3. If $V$ is metrisable and barrelled, $W$ arbitrary, and $\mathcal{S}$ arbitrary then $\mathcal{L}_{\mathcal{S}}^{n+m}(V,W) \to \mathcal{L}_{\mathcal{S}}^n(V,\mathcal{L}_{\mathcal{S}}^m(V,W))$ is an isomorphism.

## Separate Continuity

The definition of $\mathcal{L}^n(V,W)$ requires the maps $V^n \to W$ to be continuous in the product topology. On the other hand, the linearity is required only on a per-factor basis. It is possible to make the continuity requirement also work on a per-factor basis using the notion of hypocontinuity?. For this we need to fix the type of continuity first.

Let $V$ and $W$ be LCTVS and $n \in \mathbb{N}$. Let $\mathcal{S}$ be a family of bounded subsets of $V$ which cover $V$. We define $\mathcal{H}^n_{\mathcal{S}}(V,W)$ inductively by:

1. $\mathcal{H}^0(V,W) \coloneqq W$
2. $\mathcal{H}^n_{\mathcal{S}}(V,W) \coloneqq \mathcal{L}_{\mathcal{S}}(V, \mathcal{H}^{n-1}_{\mathcal{S}}(V,W))$.

## Properties

1. $\mathcal{L}^n_{\mathcal{S}}(V,W) \to \mathcal{H}^n_{\mathcal{S}}(V,W)$ is a topological embedding.
2. If $\mathcal{S} \subseteq \mathcal{S}'$ then $\mathcal{H}^n_{\mathcal{S}'}(V,W)$ injects continuously into $\mathcal{H}^n_{\mathcal{S}}(V,W)$.
3. $\mathcal{H}^n_s(V,W)$ consists of the separately continuous? multilinear maps $V^n \to W$.
4. If $V$ is metrisable and $\mathcal{S}$ contains all compact sets, or if $V$ is metrisable and barrelled, then for any $W$ and $n$, $\mathcal{L}^n_{\mathcal{S}}(V,W) = \mathcal{H}^n_{\mathcal{S}}(V,W)$.

## Convergence Structures

A topological vector space defines a convergence vector space with the same underlying vector space and the same continuous mappings (that is to say, the functor from topological vector spaces to convergence vector spaces is full and faithful and respects the vector space functor). The construction of the spaces of continuous multilinear operators makes sense for convergence vector spaces as well as for topological ones. The resulting spaces of multilinear operators has several useful structures as a convergence vector space which are not topological.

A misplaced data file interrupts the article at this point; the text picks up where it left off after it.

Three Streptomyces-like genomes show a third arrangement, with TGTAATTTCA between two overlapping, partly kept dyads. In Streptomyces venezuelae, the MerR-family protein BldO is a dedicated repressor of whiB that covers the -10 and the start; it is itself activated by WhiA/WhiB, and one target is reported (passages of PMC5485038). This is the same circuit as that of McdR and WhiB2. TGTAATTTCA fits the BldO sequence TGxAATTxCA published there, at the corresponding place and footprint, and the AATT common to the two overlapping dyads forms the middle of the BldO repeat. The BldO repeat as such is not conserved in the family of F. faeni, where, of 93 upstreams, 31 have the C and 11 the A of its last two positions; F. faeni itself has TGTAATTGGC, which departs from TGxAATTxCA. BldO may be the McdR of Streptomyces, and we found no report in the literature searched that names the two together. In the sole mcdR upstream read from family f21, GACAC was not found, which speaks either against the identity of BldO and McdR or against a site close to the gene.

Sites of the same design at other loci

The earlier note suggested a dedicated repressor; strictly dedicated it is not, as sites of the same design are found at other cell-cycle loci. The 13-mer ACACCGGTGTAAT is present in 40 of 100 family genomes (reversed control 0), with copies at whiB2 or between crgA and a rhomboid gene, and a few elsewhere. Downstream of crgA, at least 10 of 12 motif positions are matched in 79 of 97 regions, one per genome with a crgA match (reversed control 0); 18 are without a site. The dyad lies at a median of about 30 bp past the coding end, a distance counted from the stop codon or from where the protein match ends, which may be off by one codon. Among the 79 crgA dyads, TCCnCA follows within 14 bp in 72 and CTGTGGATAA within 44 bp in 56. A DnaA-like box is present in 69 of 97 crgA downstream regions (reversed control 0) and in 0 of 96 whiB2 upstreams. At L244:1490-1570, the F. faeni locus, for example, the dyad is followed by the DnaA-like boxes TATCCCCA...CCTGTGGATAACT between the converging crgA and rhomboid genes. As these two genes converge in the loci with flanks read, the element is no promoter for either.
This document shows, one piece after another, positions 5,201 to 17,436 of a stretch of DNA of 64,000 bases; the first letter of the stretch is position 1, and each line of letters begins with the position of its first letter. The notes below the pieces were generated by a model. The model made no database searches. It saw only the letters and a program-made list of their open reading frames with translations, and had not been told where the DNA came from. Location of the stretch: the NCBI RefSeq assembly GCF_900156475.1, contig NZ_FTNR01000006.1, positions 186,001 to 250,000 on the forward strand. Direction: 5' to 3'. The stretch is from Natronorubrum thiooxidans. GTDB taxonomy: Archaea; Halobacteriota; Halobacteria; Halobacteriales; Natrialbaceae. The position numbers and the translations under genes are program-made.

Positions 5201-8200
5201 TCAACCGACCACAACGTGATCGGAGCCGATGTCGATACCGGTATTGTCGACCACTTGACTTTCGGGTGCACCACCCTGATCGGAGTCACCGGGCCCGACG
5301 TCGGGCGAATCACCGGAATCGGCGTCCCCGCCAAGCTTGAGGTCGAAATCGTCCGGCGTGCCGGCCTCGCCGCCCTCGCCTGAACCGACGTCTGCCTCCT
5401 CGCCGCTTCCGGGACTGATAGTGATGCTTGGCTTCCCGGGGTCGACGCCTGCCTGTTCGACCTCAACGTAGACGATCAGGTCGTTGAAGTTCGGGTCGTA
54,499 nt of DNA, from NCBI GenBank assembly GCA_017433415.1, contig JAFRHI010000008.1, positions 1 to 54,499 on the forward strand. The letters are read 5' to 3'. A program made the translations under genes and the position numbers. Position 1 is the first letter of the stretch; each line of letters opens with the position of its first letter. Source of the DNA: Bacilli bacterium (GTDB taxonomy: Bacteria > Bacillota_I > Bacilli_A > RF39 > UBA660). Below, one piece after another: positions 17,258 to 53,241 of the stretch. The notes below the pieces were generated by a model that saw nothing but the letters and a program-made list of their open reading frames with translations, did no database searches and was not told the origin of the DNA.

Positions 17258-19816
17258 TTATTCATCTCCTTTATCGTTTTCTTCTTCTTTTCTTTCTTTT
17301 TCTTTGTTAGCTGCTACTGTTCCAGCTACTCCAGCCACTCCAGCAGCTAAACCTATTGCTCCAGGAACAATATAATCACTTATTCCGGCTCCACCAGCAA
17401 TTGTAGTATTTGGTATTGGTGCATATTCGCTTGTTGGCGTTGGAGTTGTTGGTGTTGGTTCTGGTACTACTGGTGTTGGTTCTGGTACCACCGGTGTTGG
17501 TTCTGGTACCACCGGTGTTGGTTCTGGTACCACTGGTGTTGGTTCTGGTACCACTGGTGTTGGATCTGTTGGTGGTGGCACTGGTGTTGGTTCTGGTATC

###### Definition

Let $V$ and $W$ be convergence vector spaces. The continuous convergence structure on $\mathcal{L}^n(V,W)$ is the coarsest convergence structure which makes the evaluation map $\mathcal{L}^n(V,W) \times V^n \to W$ continuous. The resulting convergence space (which is a convergence vector space) is written $\mathcal{L}^n_c(V,W)$.

The structure of bounded convergence (resp. quasi-bounded convergence) on $\mathcal{L}^n(V,W)$ is defined by the following requirement: for every filter $\mathcal{F}$ on $\mathcal{L}^n(V,W)$ and every $u \in \mathcal{L}^n(V,W)$ then $\mathcal{F} \to u$ if and only if $(\mathcal{F} - u)(\mathcal{B}^n) \to 0$ in $W$ for every bounded (resp. quasi-bounded) filter $\mathcal{B}$ on $V$. The resulting convergence vector space is written $\mathcal{L}_b^n(V,W)$ (resp. $\mathcal{L}_{q b}^n(V,W)$.

Recall that a filter is bounded if it contains a bounded set and is quasi-bounded if the filter $\mathcal{V} \cdot \mathcal{F} \to 0$ where $\mathcal{V}$ is the filter of $0$-neighbourhoods in $\mathbb{R}$.

If both $V$ and $W$ are LCTVS then the two notions of bounded convergence agree.

Last revised on May 22, 2013 at 20:08:30. See the history of this page for a list of all contributions to it.